• Truthy, I think “anxiety” per se is more being worried about imaginary “dangers” than about being aware of realistic dangers. And anxiety precludes us from considering the REAL dangers.

        People who live in the middle east where ISIS is beheading people would naturally be ANXIOUS, it wouldn’t be normal if they weren’t anxious, but being continually ANXIOUS even for legitimate dangers is counter productive to actually being able to function and make reasonable decisions to protect one self.

        I’ve dealt professionally with people who have continual “panic attacks” and repeatedly they present themselves to the ER thinking they are having a heart attack.

        I’ve had ONE panic attack in my life and my son had one, so he and I both know personally what it is like, but we also know that it IS a release of hormones in our bodies and if we remind ourselves what it is and that it WILL PASS we will fairly quickly recover. There are times anti-anxiety drugs may be required for anxiety, the way that anti depressants are requied for depression but over all, if the patient realizes WHAT is happening with the hormones in the body causing the physical symptoms of racing heart etc they can control the anxiety.

        I realize that the anxiety I had about Patrick getting out is somewhat FACT BASED, but, I also realize that I can only do so much to keep him in, and in the mean time I don’t want to live choked by anxiety to the point I can’t enjoy life or function in a healthy manner. Sooooooo, just like with a panic attack, I tell myself what is going on. I do realize he could send another “friend” to do me in, even his “girl friend” so I am CAUTIOUS around strangers and I stay PREPARED. But living in TOTAL anxiety and PANIC isn’t a good way to survive and I’m doing my best not to allow myself to go there.

        • Joyce, my feeling is that you’re doing a really GOOD job of living in the present and attending to the here-and-now WHILE keeping yourself safe, secure, and balanced. And, what a different world that is, I can attest to, personally! LOL!!!

          I spent so much time spinning in the vortex of anxiety (not “true” danger or threats) that I wound up in the ER a fair number of times with a panic attack. And, I’m learning how to calm myself, how to recognize when it IS a panic attack, and so forth.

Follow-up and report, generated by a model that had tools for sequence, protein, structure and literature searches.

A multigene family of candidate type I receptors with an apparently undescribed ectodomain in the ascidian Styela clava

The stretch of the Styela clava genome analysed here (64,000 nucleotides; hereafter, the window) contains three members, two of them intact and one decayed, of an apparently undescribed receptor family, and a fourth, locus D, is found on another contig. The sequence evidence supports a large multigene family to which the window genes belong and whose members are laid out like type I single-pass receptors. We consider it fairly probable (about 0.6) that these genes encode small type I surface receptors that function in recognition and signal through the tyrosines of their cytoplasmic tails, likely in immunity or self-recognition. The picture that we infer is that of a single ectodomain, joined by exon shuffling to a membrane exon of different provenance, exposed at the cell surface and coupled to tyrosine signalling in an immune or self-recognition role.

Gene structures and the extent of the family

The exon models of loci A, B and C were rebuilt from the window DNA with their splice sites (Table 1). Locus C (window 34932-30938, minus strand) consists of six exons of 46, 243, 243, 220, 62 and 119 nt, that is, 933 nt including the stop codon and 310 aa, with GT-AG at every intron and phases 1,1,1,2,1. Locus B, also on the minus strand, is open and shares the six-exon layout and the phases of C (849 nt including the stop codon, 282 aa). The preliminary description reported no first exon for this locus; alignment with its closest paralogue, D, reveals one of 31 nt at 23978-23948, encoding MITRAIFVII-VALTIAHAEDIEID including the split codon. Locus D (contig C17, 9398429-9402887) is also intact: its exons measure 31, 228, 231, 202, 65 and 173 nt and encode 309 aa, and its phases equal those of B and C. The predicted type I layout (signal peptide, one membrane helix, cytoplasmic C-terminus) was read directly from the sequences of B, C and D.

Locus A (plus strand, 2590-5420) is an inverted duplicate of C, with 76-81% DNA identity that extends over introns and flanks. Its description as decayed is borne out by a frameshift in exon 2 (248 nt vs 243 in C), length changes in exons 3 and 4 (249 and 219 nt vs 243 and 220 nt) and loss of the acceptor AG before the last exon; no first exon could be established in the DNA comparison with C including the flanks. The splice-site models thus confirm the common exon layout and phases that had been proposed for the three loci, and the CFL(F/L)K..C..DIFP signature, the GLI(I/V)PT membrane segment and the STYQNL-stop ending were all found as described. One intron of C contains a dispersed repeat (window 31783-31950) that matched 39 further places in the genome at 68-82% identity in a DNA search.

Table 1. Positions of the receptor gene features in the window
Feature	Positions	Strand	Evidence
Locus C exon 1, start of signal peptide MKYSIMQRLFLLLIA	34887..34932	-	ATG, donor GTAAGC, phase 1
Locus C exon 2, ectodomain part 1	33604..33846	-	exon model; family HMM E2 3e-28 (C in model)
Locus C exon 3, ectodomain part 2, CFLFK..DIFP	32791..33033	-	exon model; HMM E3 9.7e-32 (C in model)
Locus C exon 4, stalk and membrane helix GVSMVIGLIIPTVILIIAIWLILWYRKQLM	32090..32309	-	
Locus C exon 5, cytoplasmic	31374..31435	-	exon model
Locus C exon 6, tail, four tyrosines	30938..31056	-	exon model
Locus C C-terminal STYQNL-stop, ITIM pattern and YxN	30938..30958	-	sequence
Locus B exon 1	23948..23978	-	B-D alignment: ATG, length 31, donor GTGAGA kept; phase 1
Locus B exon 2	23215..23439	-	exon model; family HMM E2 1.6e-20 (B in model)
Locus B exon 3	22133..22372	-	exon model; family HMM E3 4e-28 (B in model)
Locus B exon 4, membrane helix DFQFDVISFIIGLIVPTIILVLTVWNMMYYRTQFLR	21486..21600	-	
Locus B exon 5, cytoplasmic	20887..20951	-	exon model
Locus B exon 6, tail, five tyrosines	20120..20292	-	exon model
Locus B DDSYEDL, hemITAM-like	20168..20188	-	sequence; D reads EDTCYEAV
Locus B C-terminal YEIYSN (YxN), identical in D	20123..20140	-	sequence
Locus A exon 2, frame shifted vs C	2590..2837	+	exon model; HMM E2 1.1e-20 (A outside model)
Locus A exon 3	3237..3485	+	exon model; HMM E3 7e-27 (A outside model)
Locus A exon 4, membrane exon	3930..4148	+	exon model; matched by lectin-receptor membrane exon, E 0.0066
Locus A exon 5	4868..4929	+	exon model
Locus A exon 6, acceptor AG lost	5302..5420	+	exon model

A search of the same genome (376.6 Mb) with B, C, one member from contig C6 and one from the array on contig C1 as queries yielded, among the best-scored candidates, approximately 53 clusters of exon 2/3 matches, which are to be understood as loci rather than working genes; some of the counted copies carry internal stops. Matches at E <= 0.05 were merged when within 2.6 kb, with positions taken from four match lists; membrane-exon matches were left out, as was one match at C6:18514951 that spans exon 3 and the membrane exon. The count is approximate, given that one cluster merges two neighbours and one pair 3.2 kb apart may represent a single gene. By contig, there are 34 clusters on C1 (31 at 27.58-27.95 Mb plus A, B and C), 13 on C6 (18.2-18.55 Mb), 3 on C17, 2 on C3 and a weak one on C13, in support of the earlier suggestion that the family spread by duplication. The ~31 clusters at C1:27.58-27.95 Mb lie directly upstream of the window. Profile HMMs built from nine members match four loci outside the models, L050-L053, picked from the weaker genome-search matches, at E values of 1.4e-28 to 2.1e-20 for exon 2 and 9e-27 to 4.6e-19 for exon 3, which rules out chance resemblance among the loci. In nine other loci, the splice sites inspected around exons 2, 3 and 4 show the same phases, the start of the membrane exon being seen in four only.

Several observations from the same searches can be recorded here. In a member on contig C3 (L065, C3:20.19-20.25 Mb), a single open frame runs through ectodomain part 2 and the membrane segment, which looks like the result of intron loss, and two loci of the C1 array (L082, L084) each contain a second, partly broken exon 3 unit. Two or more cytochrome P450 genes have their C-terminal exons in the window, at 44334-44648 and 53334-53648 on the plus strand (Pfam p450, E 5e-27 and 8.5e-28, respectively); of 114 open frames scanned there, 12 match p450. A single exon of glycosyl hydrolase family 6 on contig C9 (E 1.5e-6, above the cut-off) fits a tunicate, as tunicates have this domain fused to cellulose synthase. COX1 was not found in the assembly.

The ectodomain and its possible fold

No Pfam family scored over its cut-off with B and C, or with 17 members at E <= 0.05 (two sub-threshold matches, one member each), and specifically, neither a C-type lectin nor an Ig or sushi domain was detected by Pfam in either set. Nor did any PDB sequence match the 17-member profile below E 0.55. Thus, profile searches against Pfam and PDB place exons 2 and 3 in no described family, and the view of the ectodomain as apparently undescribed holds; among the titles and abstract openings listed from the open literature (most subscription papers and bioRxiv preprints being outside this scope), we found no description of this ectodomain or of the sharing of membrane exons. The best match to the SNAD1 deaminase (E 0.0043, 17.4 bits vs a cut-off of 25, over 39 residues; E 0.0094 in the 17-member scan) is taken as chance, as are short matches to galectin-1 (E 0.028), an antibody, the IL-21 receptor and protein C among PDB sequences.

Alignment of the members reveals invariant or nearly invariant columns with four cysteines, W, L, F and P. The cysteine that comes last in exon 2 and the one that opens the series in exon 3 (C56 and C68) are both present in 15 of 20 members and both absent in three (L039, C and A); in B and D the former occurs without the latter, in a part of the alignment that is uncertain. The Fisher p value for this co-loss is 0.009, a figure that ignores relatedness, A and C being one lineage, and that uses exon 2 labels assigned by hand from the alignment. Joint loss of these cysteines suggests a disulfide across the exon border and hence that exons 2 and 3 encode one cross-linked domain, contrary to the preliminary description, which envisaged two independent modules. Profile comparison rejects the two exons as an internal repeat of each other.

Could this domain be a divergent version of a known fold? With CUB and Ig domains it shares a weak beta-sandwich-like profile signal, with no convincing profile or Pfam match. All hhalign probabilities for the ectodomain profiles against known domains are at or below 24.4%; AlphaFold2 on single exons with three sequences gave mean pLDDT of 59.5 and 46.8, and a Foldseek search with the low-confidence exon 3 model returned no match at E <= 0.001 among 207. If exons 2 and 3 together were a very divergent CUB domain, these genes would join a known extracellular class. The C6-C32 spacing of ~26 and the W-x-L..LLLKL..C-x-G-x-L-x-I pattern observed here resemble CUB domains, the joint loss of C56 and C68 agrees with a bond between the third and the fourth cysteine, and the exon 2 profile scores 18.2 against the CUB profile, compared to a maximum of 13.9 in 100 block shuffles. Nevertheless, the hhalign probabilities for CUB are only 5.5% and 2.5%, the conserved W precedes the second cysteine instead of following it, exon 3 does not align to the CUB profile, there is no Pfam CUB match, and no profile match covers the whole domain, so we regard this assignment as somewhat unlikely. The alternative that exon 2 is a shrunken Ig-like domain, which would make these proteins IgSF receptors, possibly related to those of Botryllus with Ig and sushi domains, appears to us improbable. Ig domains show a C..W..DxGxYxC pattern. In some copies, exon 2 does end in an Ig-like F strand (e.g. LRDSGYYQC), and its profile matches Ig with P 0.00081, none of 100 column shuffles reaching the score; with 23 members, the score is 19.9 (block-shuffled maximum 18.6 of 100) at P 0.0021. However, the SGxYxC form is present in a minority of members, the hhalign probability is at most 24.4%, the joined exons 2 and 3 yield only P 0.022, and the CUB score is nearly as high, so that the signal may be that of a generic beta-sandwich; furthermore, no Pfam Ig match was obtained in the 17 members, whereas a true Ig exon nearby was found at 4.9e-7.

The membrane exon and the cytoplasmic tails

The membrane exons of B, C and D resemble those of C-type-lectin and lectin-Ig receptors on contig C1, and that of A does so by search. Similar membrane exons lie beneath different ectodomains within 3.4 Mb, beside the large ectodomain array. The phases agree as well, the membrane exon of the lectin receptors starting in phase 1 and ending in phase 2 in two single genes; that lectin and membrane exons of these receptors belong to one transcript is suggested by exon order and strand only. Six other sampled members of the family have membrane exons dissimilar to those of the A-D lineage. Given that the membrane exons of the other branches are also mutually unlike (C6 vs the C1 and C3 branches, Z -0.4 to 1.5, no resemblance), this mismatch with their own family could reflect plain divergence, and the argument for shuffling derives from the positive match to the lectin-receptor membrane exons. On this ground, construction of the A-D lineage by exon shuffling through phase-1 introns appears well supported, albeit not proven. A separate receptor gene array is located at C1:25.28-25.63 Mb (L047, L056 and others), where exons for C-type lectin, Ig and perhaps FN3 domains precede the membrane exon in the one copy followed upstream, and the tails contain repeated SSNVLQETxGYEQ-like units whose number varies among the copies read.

So, you’re providing a seriously strong example of how we can recover and actually LIVE instead of just go through the proverbial motions. Thank you, SO much!!

          • Thanks Truthy, I AM doing much much BETTER than I think I ever have my entire life, but at the same time I realized the vulnerabilities that are within me.

            It isn’t just the intellectual “knowing” things are a threat or not, there is always the emotional and illogical part of us. Like there are people who are TERRIFIED of spiders,though most are harmless and the ones that are poison are not going to jump on you from 10 feet away.

            So if those people even SEE a spider they PANIC. You can TEACH them about the truth of the matter, but their PANIC is very real and FACTS don’t enter into the reaction.

            The anxiety I felt was somewhat reality based, Patrick IS a danger to me, as already demonstrated, BUT I was in a TOTAL MELT DOWN like someone was standing there in front of me with a gun. So my anxiety, fear and panic was NOT justified, but like the folks afraid of spiders, It was difficult to let reality reign. I hope that never happens to me again, but if it does I have to deal with it,both emotionally and logically.

            It also may be that some of us have an “anxiety gene” as well and are more prone to anxiety than others.